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The Front Row with JASON ELLIOTT April 28, 2009

| April 28, 2010 9:00 PM

After watching the highlights of the Lakers-Thunder playoff series non-stop for the past three weeks (yeah, who knew), it made me wonder just what could have been had the team not moved out of Seattle two years ago.

UNLESS YOU'VE completely stopped paying attention, the Thunder that is creating havoc for the Lakers' repeat was once known as the Seattle SuperSonics.

Had the team been able to secure a new arena, chances are that owner Clay Bennett does not move the team to the Midwest and it continues playing at KeyArena. However, that didn't happen, and the team moved to Oklahoma City two years ago.

It's kind of a shame that the only team in Seattle that had actually won a world championship was run out of town, but after taxpayers already built two new stadiums (Safeco Field and Qwest Field both opened in 2002) to replace the Kingdome, a new arena virtually had no chance of happening.

Attendance dropped that final year, because the team was bad and rumors of a move weren't enough to bring fans to watch a team that was on a short-term stay.

What is worse is that the team, which was one of the worst in the NBA with a young squad two years ago, is battling with the best of the West this season, with the same roster.

SEATTLE'S FINAL first-round draft pick, Kevin Durant, developed himself into an MVP candidate and the face of the franchise. (Russell Westbrook was technically a Sonic when selected in 2008, but the team moved shortly after the draft.)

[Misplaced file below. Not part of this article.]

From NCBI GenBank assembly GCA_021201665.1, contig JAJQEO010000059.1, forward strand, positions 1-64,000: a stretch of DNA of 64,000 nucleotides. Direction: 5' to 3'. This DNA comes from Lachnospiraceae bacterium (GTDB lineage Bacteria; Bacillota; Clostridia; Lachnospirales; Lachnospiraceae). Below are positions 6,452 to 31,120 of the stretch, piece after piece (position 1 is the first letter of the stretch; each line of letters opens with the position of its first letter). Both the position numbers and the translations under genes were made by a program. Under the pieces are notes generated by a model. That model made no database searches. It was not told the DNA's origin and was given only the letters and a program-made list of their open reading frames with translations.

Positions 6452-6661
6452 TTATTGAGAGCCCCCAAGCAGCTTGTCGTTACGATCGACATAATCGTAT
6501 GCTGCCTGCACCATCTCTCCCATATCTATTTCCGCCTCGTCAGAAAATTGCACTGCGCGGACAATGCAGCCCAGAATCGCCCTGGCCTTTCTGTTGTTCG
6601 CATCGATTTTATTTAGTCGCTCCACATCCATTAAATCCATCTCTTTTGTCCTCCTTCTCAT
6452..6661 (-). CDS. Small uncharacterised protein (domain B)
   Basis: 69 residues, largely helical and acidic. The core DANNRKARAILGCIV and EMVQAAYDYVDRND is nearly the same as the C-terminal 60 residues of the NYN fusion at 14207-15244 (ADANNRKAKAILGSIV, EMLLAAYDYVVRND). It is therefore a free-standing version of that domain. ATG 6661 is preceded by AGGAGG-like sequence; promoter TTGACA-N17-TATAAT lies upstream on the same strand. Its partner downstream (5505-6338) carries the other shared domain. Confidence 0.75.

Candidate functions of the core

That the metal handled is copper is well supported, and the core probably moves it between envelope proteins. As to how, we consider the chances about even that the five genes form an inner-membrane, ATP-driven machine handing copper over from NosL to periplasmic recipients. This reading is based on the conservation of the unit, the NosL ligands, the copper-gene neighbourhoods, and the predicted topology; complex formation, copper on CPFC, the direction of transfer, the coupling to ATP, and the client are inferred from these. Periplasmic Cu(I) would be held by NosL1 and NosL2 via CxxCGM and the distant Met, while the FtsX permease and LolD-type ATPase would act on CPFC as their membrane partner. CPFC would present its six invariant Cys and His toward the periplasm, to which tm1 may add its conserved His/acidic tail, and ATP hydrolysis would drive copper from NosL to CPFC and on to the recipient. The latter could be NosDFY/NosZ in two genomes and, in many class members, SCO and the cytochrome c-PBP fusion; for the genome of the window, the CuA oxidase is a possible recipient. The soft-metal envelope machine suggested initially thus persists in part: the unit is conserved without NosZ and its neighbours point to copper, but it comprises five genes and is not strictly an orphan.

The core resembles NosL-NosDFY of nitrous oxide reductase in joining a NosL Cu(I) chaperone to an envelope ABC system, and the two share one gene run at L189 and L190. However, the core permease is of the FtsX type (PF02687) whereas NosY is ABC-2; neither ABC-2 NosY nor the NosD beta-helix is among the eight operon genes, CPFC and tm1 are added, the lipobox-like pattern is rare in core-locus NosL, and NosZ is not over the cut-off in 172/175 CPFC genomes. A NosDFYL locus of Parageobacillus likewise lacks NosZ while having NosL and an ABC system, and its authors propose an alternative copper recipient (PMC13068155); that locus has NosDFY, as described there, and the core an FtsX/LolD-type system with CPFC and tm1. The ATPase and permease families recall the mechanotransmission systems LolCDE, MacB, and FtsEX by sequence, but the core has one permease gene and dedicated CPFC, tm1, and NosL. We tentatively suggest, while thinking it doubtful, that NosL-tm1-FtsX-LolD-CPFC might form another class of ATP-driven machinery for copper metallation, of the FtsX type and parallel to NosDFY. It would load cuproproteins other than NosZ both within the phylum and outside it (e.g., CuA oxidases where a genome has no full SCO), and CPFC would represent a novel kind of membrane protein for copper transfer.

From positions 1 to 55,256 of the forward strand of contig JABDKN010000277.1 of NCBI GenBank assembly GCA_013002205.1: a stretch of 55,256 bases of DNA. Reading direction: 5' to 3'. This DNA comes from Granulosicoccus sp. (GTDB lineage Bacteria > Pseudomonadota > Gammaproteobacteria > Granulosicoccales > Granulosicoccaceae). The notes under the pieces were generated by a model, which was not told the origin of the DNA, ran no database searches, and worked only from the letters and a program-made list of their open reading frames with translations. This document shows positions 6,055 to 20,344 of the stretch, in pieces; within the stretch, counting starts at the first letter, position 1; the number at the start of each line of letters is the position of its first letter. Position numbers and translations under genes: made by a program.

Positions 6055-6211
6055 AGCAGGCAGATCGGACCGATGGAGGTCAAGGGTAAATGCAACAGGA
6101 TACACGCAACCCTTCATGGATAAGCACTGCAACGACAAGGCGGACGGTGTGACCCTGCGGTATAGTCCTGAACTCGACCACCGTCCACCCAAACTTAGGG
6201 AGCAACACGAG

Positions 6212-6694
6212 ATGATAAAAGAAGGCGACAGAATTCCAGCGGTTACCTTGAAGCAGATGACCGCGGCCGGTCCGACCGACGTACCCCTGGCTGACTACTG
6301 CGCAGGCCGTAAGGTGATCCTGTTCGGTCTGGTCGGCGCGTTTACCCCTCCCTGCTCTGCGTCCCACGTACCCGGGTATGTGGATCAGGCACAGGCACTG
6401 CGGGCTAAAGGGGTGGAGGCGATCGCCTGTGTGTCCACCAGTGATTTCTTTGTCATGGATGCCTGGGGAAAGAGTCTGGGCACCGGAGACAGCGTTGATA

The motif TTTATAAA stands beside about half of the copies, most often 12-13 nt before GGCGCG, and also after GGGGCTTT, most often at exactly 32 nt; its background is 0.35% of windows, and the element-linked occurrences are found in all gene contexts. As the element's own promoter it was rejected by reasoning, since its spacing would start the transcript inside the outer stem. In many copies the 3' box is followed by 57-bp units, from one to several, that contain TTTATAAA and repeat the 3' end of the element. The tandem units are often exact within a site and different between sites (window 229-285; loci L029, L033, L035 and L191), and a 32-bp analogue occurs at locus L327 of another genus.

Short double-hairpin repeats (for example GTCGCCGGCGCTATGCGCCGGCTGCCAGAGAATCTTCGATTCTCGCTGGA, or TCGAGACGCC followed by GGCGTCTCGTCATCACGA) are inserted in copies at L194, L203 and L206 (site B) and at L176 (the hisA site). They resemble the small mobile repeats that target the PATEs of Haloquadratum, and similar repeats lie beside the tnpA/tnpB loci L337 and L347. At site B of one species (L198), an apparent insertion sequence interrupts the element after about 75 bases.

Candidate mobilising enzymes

When he was in Seattle, Durant was just a rookie cutting his teeth in the pro game. Not only that, but after coming out of the University of Texas as a freshman, he had an entire team on his back from the moment he was selected second overall.

Since the move, the players around him have gotten better and the fans have begun to support the team, mainly because they are winning more often.

Despite the years when Shawn Kemp, Gary Payton and Detlef Schrempf had the team in the Western Conference Finals and once in the NBA Finals, the nostalgia of having a competitive team on the court still wasn't enough to keep the Sonics in Seattle.

ALTHOUGH I never went to a Sonics game, I'd tune them in once in a while, especially if they were playing Chicago, which played almost nightly on WGN in Chicago when Michael Jordan and Scottie Pippen were Bulls.

These days, the Sonics have been replaced by the Utah Jazz on Fox Sports Net Northwest, even bumping a few Mariner games off the schedule to broadcast Jazz regular season games.

As the Thunder took on the Lakers late Tuesday night, they weren't expected by a lot of experts to have much of a shot against the defending champions, but they will at least take the series to six games, no matter the outcome of Tuesday's game.

Should the Sonics had found a way to stay, the Seattle landscape may have been changed forever.

Now, I guess we'll never know.

Jason Elliott is a sports writer for the Coeur d'Alene Press. He can be reached via telephone at 664-8176, ext. 2020 or via e-mail at jelliott@cdapress.com.

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